Opposite Mr. Thursz a cut relief by Richard Tuttle plays its own games with richness and delicacy. The piece, “New Mexico, New York #14” (1998), comprises two overlapping sheets of irregularly cut fir plywood; crimson acrylic traverses the two sheets, exposing a lasso-like form. Wobbly lines (both depictive and in the carving) give a delicate illusion of fabric to the piece, which by the standards of Mr. Tuttle’s self-consciously feeble aesthetic is almost bold and declaratory.
The Thursz and Tuttle sandwich a wall of paintings by Kate Shepherd in a curatorial flourish that highlights the younger artist’s knowing combination of minimal structure and post-minimal touch. Upon subtly varied multi-panels of seamless smooth glossy monochrome, Ms. Shepherd adds sensitive lines of enamel paint that are gently suggestive of slats or floorboards. Traversing the panels, these add depictive spatial dimension while somehow allowing the vacuum which is the hard-edge ground to remain inviolate.
Ms. Shepherd is an example of how to derive genuine poetry out of engagement with painterly problematics. Co-exhibitor Peter Wegner is not. His pretentious and impenetrable wall installation and elegant enough but prissy abstractions in different whites built up of “unnamed” paint samples are examples of neo-conceptualism at its most institutionalized and dull. Luckily, relief is at hand from Simone Adels, who brings a Tuttle touch to similar territory in a way that suggests that she is being playful with her own preciousness: There are color chart-like grids, but these are subverted in a trompe l’oeil depiction of overlayed paper.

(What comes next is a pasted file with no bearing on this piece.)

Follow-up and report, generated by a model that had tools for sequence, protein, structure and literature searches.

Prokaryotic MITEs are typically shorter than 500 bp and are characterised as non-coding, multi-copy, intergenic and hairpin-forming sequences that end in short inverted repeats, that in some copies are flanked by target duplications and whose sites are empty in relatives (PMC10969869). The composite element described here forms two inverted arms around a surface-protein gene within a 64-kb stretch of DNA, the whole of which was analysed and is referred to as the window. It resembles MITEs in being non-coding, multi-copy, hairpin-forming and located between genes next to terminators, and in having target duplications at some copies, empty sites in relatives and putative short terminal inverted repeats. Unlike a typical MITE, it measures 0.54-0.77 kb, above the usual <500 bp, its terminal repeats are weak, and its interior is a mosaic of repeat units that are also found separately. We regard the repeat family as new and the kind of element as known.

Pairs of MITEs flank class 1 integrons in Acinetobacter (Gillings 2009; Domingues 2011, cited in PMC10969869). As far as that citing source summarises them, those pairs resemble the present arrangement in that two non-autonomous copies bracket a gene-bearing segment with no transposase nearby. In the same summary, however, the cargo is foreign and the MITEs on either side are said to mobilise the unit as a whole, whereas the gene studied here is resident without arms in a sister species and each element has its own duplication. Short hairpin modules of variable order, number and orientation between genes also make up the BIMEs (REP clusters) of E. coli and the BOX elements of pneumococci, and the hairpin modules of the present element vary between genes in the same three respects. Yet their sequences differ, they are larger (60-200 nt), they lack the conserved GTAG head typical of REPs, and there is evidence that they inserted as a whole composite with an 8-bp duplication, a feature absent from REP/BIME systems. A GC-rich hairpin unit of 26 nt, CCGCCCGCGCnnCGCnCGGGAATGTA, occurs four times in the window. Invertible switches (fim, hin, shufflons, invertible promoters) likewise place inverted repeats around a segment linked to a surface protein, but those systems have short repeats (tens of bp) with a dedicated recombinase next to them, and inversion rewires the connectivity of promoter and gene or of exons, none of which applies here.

The remaining younger artists in the show connect with Ms. Adels and Ms. Shepherd in the way they play with language. Francis Alÿs achieves an energetic tension between the emblematic and the observed in his painting of the rears of three dogs, their tails looping together like some obscure heraldic symbol. Jane Hammond is an artist whose usually dense and involved collisions of language might have stirred things up nicely here but is represented instead by somewhat lame decorations. The role of wild card (to do with kitsch what others do with reduction) is dealt by Ann Craven. In terms of “bad girl” aesthetics, Ms. Craven occupies similar territory to Lisa Yuskavage – only she actually has the means to achieve interplay of depth and surface, detachment and investment. At their best/worst, her lavishly lurid bird paintings are like clones of Jeff Koons and Audubon.